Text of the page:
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French painter Toulouse-Lautrec fights to find love despite his physical limitations.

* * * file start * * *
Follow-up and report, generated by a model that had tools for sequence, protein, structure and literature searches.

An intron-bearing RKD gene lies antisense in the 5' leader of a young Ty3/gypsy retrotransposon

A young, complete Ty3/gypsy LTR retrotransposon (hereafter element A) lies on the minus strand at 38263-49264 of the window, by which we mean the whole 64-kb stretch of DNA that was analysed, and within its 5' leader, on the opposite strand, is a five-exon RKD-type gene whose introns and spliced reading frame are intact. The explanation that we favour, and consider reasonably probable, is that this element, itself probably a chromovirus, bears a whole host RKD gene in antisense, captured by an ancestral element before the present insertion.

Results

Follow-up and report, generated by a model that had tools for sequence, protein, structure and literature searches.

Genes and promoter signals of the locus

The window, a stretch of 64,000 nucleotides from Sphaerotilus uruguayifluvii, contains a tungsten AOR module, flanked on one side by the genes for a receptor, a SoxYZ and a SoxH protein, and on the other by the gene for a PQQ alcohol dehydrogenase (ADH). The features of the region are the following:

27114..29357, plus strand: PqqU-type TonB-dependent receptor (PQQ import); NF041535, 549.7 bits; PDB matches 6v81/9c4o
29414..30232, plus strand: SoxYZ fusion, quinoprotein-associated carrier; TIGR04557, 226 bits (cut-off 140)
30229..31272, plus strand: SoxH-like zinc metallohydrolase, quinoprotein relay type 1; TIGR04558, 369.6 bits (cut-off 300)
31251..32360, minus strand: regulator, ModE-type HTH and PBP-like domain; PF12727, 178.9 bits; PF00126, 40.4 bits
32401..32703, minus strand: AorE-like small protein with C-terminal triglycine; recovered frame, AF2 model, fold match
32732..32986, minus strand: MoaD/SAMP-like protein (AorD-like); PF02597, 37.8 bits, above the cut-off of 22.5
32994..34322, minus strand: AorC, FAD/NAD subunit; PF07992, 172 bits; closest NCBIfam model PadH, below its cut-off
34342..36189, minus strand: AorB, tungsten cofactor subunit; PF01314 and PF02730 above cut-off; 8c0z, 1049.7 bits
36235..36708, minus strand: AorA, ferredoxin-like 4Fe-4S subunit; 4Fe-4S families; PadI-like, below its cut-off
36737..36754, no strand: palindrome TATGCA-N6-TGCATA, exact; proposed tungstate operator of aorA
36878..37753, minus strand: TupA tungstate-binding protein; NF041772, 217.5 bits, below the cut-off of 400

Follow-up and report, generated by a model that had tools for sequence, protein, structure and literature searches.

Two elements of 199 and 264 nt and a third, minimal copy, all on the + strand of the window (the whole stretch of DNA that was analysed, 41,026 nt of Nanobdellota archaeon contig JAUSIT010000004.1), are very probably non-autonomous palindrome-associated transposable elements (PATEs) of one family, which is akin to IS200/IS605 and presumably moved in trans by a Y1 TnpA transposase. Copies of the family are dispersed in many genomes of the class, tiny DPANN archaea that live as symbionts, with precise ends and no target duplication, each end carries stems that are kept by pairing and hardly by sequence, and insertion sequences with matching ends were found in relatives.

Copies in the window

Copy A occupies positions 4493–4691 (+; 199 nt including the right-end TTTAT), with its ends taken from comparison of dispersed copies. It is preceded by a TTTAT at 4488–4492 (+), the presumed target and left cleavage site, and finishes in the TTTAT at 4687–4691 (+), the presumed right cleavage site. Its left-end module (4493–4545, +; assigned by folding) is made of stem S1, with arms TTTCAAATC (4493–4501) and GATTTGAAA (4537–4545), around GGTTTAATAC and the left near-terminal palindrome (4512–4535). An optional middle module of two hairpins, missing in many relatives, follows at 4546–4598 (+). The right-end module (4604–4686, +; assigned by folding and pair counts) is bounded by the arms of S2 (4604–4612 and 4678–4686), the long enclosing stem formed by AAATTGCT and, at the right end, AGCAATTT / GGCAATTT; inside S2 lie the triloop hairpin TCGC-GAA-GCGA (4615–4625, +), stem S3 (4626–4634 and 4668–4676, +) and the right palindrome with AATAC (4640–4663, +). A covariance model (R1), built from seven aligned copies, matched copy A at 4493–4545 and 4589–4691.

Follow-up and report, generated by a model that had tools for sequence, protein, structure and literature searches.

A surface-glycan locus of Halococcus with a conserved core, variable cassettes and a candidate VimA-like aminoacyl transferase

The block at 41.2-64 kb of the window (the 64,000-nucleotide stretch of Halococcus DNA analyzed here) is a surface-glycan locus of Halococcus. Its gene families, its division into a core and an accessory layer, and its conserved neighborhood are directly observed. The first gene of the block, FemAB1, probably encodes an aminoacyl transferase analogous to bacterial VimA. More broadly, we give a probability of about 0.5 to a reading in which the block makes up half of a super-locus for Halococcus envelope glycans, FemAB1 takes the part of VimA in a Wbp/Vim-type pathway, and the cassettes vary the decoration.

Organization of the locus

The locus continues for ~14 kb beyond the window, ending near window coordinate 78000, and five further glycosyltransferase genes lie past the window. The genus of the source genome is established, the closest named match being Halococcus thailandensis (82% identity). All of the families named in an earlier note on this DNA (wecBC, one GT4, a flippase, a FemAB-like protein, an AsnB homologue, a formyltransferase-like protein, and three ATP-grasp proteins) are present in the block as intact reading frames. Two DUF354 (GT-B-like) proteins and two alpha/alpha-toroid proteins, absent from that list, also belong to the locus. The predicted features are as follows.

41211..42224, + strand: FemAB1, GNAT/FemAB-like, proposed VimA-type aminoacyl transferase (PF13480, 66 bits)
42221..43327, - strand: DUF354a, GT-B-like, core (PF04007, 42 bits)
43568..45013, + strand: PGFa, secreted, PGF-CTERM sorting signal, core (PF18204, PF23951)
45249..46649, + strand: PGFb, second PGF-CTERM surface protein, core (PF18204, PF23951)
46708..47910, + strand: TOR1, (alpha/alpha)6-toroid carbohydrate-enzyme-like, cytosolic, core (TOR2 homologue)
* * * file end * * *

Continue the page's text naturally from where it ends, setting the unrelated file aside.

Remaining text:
In Paris in 1890, as crowds pour into the Moulin Rouge nightclub, young artist Henri de Toulouse-Lautrec finishes a bottle of cognac and sketches the dancers as they perform. The nightclub's regulars each stop by: singer Jane Avril teases Henri charmingly, dancers La Goulue and Aicha fight, and owner Maurice Joyant offers Henri free drinks for a month in exchange for painting a promotional poster. At closing time, Henri waits for the crowds to disperse before standing to reveal his four-foot, six-inch body. As he walks to his Montmartre apartment, he recalls the events that led to his disfigurement: Henri is a bright, happy child, revered by his father, the Count de Toulouse-Lautrec. When he falls down a flight of stairs, however, his legs fail to heal, a genetic weakness that stems from the fact that his parents are first cousins. His legs stunted and pained, Henri loses himself in his art, while his father soon leaves the countess to ensure they will have no more children. As a young adult, Henri proposes to the woman he loves but, when she tells him no woman will ever love him, he leaves his childhood home in despair to begin a new life as a painter in Paris. Back in the present, street walker Marie Charlet begs Henri to rescue her from police sergeant Patou. Henri wards off the policeman by pretending to be her guardian, after which she insists on following him home. There, she addresses his small stature, and although he is at first angry, he allows her to stay out of his desperate loneliness, and is charmed when she claims not to care about his legs. Within days, he is buying her gifts and singing as he paints, until Marie takes his money and stays out all night. Henri waits in agony for her return, but when she finally does, tells her to leave at once. Realizing that he loves her, she vows to stay and love him back. Although she continues to fight petulantly with him, he tells himself that her crassness stems from her poverty, and lets her stay. During one fight, however, she announces that he can never attract a real woman, and leaves. By morning, she begs him to take her back, but he refuses. He begins drinking and does not stop until his landlady calls his mother, who urges him to save his health by finding Marie. He searches her working-class neighborhood, finally discovering her at a café, where she drunkenly reveals that she stayed with him only to procure money for her boyfriend. When she adds that his touch made her sick, he returns to his apartment and turns on the gas vents. As he sits waiting to die, he is suddenly inspired to finish his Moulin Rouge poster, and brush in hand, distractedly turns the vents off again. The next day, he brings the poster to the dance hall, and although the style is unusual, Maurice accepts it. Henri works for days at the lithographers, blending his own inks to perfect the vivid colors. When he finishes, the poster, which shows a woman dancing with her legs exposed, becomes an instant sensation and the dance hall opens to high society. The count, however, denounces Henri for the "pornographic" work. Over the next ten years, Henri records Parisian life in countless brilliant paintings. By 1900, he is famous but still terribly lonely. One day, he sees Myriamme Hyam standing by the Seine River and, thinking she may jump, stops to talk to her. She spurns his advances and throws a key into the water. Days later, Jane, a friend of Myriamme's, arranges a meeting for them. Myriamme is a great admirer of Henri's paintings, and the two begin to spend time together. Eventually, she reveals that the key she threw out belonged to a married man, Marne de la Voisier, who asked her to be his mistress. Although Henri continues to decry the possibility of true love, he nonetheless falls in love with Myriamme. One day, they see La Goulue on the street drunkenly insisting that she was once a star, and Henri realizes that once the Moulin Rouge became respectable, it could no longer be home to misfits. Myriamme later informs Henri that Marne has asked her to marry him. Certain that she loves the more handsome man, he bitingly congratulates her for trapping Marne. Even after she asks if he loves her, Henri believes she is only trying to spare his feelings and lies that he does not. By the time he receives a letter stating that she loves him but cannot wait any longer, she has already left the city and he cannot find her. Weeks later, he is still drinking steadily and reading her note over and over. He is helped home one night by Patou, now an inspector, but once home, Henri hallucinates and throws himself down a flight of stairs. Near death, he is brought to his family home. After the priest reads the last rites, the count tearfully informs Henri that he is to be the first living artist to be shown in the Louvre, and begs for forgiveness. Henri turns his head and watches as phantasmal characters from his Moulin Rouge paintings dance into the room to bid him goodbye.